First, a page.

Cape Clear on the Wild Atlantic Way
Our third leg of the Wild Atlantic Way brought us to Cape Clear island - off the coast of West Cork. The islands of West Cork are the place to go if you want to slow down to a STOP! There is a different rhythm on these islands - the islands of Cape Clear, Sherkin and Heir - the quality of the sea air is intoxicating, and definitely adds an extra hour to your sleep each night.
We left the pier in Baltimore (sharing a name and a link with Baltimore city in the USA) at 10.30am and headed off to Cape Clear across a gentle swell. Cape Clear has about 130 people living there permanently – all speaking Irish to varying degrees.
That had dropped from a pre-famine population of over a thousand. In the 1901 census, there were still 1131 people listed for the island.
Coming into the protected North Harbour we noticed that the harbour did not provide much protection to the recent winter storms. Whole sections of the piers were torn up and were slowly being replaced. As soon as the boat stops and the engine turns off – complete silence!
One of the first places we wanted to visit when we went to the island were the ruins of the O’Driscoll castle – magnificently perched on a rocky outcrop. There is nobody about – probably because the sign above shows everything to the left, but the castle is to the right!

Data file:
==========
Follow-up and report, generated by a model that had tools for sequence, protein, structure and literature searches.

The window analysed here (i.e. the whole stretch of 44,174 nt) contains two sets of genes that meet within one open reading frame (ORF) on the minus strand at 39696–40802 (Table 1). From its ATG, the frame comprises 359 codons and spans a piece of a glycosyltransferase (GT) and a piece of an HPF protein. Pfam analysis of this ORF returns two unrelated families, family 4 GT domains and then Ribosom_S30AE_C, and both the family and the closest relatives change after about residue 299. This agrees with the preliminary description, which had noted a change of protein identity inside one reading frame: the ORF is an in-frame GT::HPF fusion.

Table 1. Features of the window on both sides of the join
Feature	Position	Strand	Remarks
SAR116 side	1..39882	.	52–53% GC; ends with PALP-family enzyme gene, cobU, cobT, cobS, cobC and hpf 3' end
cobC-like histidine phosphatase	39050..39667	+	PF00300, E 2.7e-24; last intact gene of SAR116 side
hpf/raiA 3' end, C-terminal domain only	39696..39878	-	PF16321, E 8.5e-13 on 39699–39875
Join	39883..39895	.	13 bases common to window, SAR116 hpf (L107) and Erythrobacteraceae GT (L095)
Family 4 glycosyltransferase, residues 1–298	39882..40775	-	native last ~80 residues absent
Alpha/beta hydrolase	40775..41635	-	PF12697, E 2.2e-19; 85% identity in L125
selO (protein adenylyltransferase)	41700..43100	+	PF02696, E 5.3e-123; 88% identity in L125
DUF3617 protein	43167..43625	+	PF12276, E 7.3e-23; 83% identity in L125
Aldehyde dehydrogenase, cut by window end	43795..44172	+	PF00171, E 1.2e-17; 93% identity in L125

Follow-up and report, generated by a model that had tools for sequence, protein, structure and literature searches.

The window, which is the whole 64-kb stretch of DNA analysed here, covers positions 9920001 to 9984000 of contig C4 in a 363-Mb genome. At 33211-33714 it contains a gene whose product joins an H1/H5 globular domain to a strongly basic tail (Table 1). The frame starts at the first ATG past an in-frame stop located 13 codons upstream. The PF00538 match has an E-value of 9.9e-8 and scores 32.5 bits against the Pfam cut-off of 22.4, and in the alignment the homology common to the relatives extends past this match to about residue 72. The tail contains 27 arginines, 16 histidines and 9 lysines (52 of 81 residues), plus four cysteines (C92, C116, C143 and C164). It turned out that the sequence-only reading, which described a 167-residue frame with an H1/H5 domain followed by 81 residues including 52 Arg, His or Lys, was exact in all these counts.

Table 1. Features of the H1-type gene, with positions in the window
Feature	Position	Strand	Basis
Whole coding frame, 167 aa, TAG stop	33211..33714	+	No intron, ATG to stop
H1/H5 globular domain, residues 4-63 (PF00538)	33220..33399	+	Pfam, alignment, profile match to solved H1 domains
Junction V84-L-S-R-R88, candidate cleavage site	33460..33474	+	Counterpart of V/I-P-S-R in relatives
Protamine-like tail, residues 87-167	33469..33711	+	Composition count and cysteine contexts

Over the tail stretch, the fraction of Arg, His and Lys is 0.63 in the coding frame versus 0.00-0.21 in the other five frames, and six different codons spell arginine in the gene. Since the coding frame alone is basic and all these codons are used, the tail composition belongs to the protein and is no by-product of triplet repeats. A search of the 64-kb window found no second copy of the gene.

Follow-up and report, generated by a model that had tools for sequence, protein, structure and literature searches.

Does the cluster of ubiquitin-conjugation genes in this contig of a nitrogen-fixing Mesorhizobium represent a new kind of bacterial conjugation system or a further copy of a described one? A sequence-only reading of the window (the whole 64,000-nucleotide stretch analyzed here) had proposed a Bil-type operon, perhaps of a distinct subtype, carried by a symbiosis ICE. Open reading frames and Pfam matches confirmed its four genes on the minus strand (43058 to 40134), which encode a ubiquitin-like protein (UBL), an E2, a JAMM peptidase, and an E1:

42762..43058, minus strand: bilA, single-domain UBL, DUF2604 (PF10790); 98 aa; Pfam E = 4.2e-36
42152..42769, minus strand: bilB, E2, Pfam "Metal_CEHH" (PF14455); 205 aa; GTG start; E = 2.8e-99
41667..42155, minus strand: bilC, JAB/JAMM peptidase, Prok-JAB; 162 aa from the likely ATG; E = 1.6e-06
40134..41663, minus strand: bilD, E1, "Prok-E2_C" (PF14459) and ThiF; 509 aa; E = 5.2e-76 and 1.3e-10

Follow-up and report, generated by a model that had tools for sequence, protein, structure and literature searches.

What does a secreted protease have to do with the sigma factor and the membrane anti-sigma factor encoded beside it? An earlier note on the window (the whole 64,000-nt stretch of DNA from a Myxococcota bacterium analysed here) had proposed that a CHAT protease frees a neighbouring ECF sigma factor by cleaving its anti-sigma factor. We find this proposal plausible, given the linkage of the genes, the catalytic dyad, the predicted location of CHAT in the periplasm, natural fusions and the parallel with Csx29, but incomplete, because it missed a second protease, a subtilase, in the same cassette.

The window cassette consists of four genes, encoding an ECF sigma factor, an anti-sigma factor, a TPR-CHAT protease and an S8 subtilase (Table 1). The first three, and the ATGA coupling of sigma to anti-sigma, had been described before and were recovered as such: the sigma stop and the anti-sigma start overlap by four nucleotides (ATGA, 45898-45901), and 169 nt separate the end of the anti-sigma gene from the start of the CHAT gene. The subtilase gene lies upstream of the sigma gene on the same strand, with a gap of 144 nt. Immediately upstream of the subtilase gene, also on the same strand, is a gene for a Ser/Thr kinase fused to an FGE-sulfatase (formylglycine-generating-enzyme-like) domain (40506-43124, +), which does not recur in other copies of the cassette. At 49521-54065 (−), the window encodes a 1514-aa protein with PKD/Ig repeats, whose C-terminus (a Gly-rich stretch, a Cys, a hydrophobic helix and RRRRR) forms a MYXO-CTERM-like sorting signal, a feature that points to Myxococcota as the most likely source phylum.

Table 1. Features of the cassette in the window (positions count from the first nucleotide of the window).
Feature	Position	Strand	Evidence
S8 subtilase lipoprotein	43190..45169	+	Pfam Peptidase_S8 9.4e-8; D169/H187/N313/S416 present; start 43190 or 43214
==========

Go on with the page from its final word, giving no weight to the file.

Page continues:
A short trek across some farmland (a right of way) brings up to this magnificent sight – the O’Driscoll castle of Dún an Óir (Golden fort) . The O’Driscolls were the leading family of the Corcu Loíghde tribe for many centuries. They based themselves in latter years around the waters and islands of Roaring Water Bay. The first mention of the surname O’Driscoll (Ó hÉidirsceoil in Irish) was in 1103 AD. The castle was started in the 13th century and destroyed by 1601 AD.
I remember this road as a young fellow – staying at the local youth hostel and heading to the all-night craic at Club Chléire in the north harbour. Our time were somewhat incompatible with the hostel closing time of 11.00pm – so all six of us moved into a two-man tent in a field above that road.
There are now some nice paths cutting through the island which lead you to outstanding viewing points such as this one – with Schull, Mount Gabriel and the Mizen Peninsula in the background.
Plenty of holiday homes changing hands on the sheltered north side of the island. I wonder how much this one is going for? I can just about make out the telephone number.
It’s a hilly island – one for walkers, not for bikes. Always appreciate a downward slope!
Through the heather and the gorse – following the old mass path that joined the south of the island to the social hub for many years – otherwise known as the church.
If you look back over the census for the islands at the beginning of the last century, you will find many familiar Cork names – and one or two peculiar to this area. And lots of Driscolls/O’Driscolls!
Family surnames associated with the island down through the centuries include:
Barry, Beamish, Bushe, Cadogan, Collins, Connolly, Cotter, Curtin, Daley, Donovan, Driscoll, Leonard, Mahony, McCarthy, Minihane, Nolan, O’Neill, Regan, Roche, Salter, Shea, Sheehan, Sullivan, Sweeney, Walsh and Young.
Are any the Irish surnames in your family tree here?
Join us on the next leg of the Wild Atlantic way when we’ll be travelling from Skibbereen to Mizen Head.
And – do feel free to leave any comments or questions below!